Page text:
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The secrets of Glenn Beck's persistent popularity
Beck's media empire rakes in tens of millions of dollars a year. That's no accident.
You're looking at Mr. Popular (in some circles).
You're looking at Mr. Popular (in some circles). (Facebook/Glenn Beck)
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t's no secret that Glenn Beck has a penchant for conspiracy theories. Especially those involving Muslims.

In this sense, his latest crusade shouldn't surprise anyone.

Beck is now accusing anti-tax activist Grover Norquist of being an agent for the Muslim Brotherhood. In Beck's looking glass, supporting relaxed drug laws, gay rights, and diversity are markers for covert theological authoritarianism. In Beck's words, Norquist must be "cleaned out."

Even for Beck, this one is out there.

Nevertheless, such haywire pontification won't endanger Beck's position as a conservative media influencer. With extraordinary guile, Beck has garrisoned himself in a three-rampart castle of contemporary conservatism. Indeed, earlier this year, CNNMoney reported that Beck's network, TheBlaze, makes between $35 million and $45 million a year, and that Beck's larger empire generates close to $80 million. Here's how Beck has managed to stay so popular with conservatives, despite losing his perch at Fox News, and while continuing to spout some pretty out-there theories.

1. Conservatives see Beck as Obama's opposite
Millions upon millions of conservatives across the country really dislike the president. In part, this is due to disagreements over policy. However, much of the ill-feeling is also about style. Where Obama is seen as the epitome of a "liberal elitist" — overly contemplative, somewhat distant, and perhaps a little aloof — Beck is seen as a conservative gun slinger, a "fire from the hip" true believer. Beck provides accessible "good vs. evil" explanations in a world full of complexity. His take on the Middle East encapsulates this dynamic. In short, Beck has sculpted himself as the man who never equivocates; the man who, both literally and figuratively, warms the conservative heart.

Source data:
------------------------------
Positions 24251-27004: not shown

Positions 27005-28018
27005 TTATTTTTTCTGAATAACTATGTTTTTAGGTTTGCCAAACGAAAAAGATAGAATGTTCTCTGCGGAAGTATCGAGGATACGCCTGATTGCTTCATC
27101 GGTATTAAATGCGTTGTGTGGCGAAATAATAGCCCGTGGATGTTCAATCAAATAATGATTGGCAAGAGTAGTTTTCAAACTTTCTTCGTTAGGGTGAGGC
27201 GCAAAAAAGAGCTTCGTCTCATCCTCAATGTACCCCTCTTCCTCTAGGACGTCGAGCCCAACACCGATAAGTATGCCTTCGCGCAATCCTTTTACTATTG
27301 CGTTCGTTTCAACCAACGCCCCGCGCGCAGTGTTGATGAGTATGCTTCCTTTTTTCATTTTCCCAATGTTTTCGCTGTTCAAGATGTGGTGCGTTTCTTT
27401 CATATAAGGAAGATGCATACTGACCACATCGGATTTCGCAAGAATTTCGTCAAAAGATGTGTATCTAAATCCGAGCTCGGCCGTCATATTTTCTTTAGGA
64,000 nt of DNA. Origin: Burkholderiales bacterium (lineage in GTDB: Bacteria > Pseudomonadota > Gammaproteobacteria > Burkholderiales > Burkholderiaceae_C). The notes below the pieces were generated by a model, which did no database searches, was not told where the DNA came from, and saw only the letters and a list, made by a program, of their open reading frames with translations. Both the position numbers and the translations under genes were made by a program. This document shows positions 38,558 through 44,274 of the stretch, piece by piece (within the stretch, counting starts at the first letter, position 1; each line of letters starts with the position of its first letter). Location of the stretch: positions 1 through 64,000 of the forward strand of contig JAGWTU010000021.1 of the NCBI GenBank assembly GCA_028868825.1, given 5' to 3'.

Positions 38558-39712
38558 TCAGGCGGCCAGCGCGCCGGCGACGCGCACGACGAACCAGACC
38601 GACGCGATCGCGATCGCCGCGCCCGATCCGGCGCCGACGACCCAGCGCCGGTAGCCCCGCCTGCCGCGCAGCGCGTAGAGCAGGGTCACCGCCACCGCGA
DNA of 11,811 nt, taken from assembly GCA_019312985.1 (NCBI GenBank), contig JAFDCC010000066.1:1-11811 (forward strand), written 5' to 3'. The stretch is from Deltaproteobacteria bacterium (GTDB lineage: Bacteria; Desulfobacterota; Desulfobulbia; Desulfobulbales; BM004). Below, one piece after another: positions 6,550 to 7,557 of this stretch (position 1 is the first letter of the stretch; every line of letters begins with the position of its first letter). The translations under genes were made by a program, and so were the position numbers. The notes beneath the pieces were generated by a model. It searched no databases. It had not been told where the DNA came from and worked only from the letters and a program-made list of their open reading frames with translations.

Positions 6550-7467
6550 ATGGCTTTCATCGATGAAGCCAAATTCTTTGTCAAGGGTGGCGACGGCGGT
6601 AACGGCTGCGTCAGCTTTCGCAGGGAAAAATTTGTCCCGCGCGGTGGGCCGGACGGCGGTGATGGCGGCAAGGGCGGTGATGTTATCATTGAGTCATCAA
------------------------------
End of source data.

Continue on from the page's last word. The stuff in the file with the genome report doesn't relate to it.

2. Worried conservatives appreciate Beck's unrepentant emotionalism
From the American left, it's popular to argue that conservatives dislike the president's agenda because they're racist. Or introverted. Or stupid. In fact, the simpler, deeper truth is that many conservatives have serious doubts about the Democratic Party's governing philosophy. With near unanimity, conservatives don't see the president's health care reforms as moderate or sensible, but instead as the breaching point for a welfare state. Conservatives don't regard Democratic spending proposals as balanced between investment and debt reduction, but instead as binge governance. Beck's unrepentant emotionalism — his energy, rhetoric and tears — find fertile pasture in this void of doubt. His fans might raise occasional eyebrows to his more outlandish assertions, but ultimately they see Beck as a leader worth listening to.

3. The Beck brand is everywhere
Whether he's marshaling conservatives to march on Washington or speaking on his network or through his books, Beck seems to be everywhere all the time. In the context of his previous experience at CNN and Fox News, Beck has earned a credibility born of diversified public presence. Liberals might detest him, but many conservatives see his success in, well, pure conservative terms — as an endorsement of his product. Alongside his varied platforms, this recognition grants Beck significant influencing power.

Glenn Beck doesn't and will never speak for all conservatives. But it shouldn't be hard to see why he does speak for so many.

Tom Rogan is a conservative writer who blogs at TomRoganThinks.com.

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